Turkey believes Fitch will keep Turkey rating unchanged
ANKARA – Anadolu AgencyInternational rating agency Fitch might avoid changing its rating for Turkey on Aug. 19, instead leaving the country’s grade at “investible” pending a continued observation of the impacts of the July 15 coup attempt, according to the president of Turkey’s Prime Ministry Investment Support and Promotion Agency (ISPAT).
In February, Fitch confirmed Turkey’s long-term foreign and local currency issuer ratings as “BBB” and “BBB” respectively, with a stable outlook.
Fitch Ratings’ long-term credit ratings are assigned on an alphabetic scale from “AAA” to “D” with the use of +/? modifiers for each category between AA and CCC.
The “BBB” investment grade is defined as middle class and an acceptable risk.
“The issue ratings on Turkey’s senior unsecured foreign and local currency bonds have also been affirmed at ‘BBB-’ and ‘BBB,’ respectively, while the country ceiling has been affirmed at ‘BBB’ and the short-term foreign currency at ‘F3,’” Fitch said in its February statement.
“I expect that Fitch will use more time to be able to assess the impacts of the coup attempt and give a healthy decision on our ratings. For this reason, I expect that the agency will not announce any negative statement for Turkey on Aug. 19,” ISPAT President Arda Ermut told Anadolu Agency, echoing top Turkish officials, including President Recep Tayyip Erdoğan and Deputy Prime Minister Mehmet Şimşek.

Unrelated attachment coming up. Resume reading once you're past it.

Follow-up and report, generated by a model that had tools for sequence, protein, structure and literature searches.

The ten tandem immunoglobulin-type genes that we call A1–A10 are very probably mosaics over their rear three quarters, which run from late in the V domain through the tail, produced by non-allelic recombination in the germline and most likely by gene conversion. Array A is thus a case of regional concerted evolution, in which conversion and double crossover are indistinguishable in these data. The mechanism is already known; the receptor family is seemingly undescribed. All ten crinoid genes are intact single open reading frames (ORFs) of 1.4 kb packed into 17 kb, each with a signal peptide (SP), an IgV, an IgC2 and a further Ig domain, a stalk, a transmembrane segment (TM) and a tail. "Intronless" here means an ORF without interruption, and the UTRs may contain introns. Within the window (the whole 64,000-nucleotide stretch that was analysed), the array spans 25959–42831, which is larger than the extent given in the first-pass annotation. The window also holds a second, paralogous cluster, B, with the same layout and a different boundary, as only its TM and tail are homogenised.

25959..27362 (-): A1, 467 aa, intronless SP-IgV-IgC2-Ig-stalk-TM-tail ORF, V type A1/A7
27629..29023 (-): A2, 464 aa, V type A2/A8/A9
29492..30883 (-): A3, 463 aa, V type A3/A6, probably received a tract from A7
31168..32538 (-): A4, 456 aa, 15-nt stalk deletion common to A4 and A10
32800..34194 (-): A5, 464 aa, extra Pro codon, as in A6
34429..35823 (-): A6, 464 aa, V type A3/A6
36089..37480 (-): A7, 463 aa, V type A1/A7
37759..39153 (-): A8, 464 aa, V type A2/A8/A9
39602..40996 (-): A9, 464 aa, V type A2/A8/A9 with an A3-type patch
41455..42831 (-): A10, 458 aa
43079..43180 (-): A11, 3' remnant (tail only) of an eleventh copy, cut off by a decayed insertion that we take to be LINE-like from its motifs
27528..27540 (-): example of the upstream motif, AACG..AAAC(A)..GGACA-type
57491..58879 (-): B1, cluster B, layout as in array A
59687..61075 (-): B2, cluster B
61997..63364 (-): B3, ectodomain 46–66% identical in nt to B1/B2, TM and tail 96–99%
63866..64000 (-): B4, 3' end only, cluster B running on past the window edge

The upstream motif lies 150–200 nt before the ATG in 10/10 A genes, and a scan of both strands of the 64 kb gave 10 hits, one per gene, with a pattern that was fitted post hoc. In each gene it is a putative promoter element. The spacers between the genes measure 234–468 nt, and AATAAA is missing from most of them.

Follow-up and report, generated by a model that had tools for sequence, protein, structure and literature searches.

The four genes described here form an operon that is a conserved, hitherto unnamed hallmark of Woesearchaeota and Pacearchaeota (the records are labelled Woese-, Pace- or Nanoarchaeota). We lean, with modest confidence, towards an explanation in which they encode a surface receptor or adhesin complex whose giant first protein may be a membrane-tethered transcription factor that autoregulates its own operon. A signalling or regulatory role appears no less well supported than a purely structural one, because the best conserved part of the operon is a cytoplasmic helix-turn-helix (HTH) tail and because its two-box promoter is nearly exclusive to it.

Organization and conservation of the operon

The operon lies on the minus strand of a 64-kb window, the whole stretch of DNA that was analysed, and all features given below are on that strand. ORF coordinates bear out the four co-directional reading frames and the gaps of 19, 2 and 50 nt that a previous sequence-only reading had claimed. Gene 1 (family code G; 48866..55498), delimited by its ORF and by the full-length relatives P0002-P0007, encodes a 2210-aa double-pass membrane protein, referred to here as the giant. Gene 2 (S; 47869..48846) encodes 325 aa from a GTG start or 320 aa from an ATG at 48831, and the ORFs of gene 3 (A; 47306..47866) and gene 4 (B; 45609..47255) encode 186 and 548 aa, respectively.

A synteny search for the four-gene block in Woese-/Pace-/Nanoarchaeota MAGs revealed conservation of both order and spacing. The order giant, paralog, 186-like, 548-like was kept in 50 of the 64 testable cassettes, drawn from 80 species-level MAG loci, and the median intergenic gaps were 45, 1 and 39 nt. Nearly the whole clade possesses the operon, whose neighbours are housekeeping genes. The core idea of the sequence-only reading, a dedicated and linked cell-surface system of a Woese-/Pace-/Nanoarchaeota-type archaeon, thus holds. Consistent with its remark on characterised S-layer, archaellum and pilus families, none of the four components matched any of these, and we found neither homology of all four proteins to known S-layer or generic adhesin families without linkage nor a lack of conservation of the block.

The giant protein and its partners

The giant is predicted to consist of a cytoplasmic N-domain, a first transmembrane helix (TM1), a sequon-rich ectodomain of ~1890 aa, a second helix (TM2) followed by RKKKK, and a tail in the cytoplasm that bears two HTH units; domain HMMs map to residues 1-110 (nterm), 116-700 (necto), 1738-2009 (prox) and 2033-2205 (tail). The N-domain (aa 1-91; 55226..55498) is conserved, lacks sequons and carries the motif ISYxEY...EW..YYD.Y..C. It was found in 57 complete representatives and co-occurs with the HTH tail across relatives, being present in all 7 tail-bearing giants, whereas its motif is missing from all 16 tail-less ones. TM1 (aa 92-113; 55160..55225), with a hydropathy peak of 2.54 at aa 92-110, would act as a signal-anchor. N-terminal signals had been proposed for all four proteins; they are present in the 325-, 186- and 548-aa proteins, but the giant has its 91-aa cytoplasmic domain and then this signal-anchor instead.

Ermut said Fitch was the first institution to rate Turkey as “investible” in November 2012.
He said the government’s decreasing burden of debt, strong and functioning financial system and positive growth expectations supported by stable economic sources were taken into consideration by Fitch in their assessment in 2012.
“Fitch’s previous rating for Turkey was in February 2016, when it secured Turkey’s ratings and outlook. The outcome of this decision was that Turkey preserved its fiscal discipline, despite the elections of 2015, the jet crisis with Russia last November, along with disorder in Iraq and Syria,” Ermut said.
At that time, the agency said the Justice and Development Party’s (AKP) triumph in elections has “eased domestic political uncertainty.”
“Now neither Fitch nor we will ignore the coup attempt, but it is necessary to state that Turkey preserves its fiscal discipline and that there are positive expectations on growth,” he said.
He underlined that the recently passed law to bring in new incentives for investments along with regulations on individual retirement plans were among the developments that Fitch said it would follow.
A law which supports improving the investment climate in Turkey by amending certain regulations was published in the Official Gazette on Aug. 9.
The law encompasses 79 articles, 47 of which are related to tax regulations. The most significant amendments include investment incentives, incentives for service exports, incentives for regional management centers, transfer of pricing regulations, exemption for industrial property rights, incentives for energy savings projects and exemptions on stamp duty in certain cases.
Ermut said Fitch would take all these developments into consideration.
Coup’s economic cost controllable
Ermut said the coup plot would result in costs to the Turkish economy. “However, since Turkey began building its basis on a solid economy since 2002 and diversified its sources, this cost will be controllable.”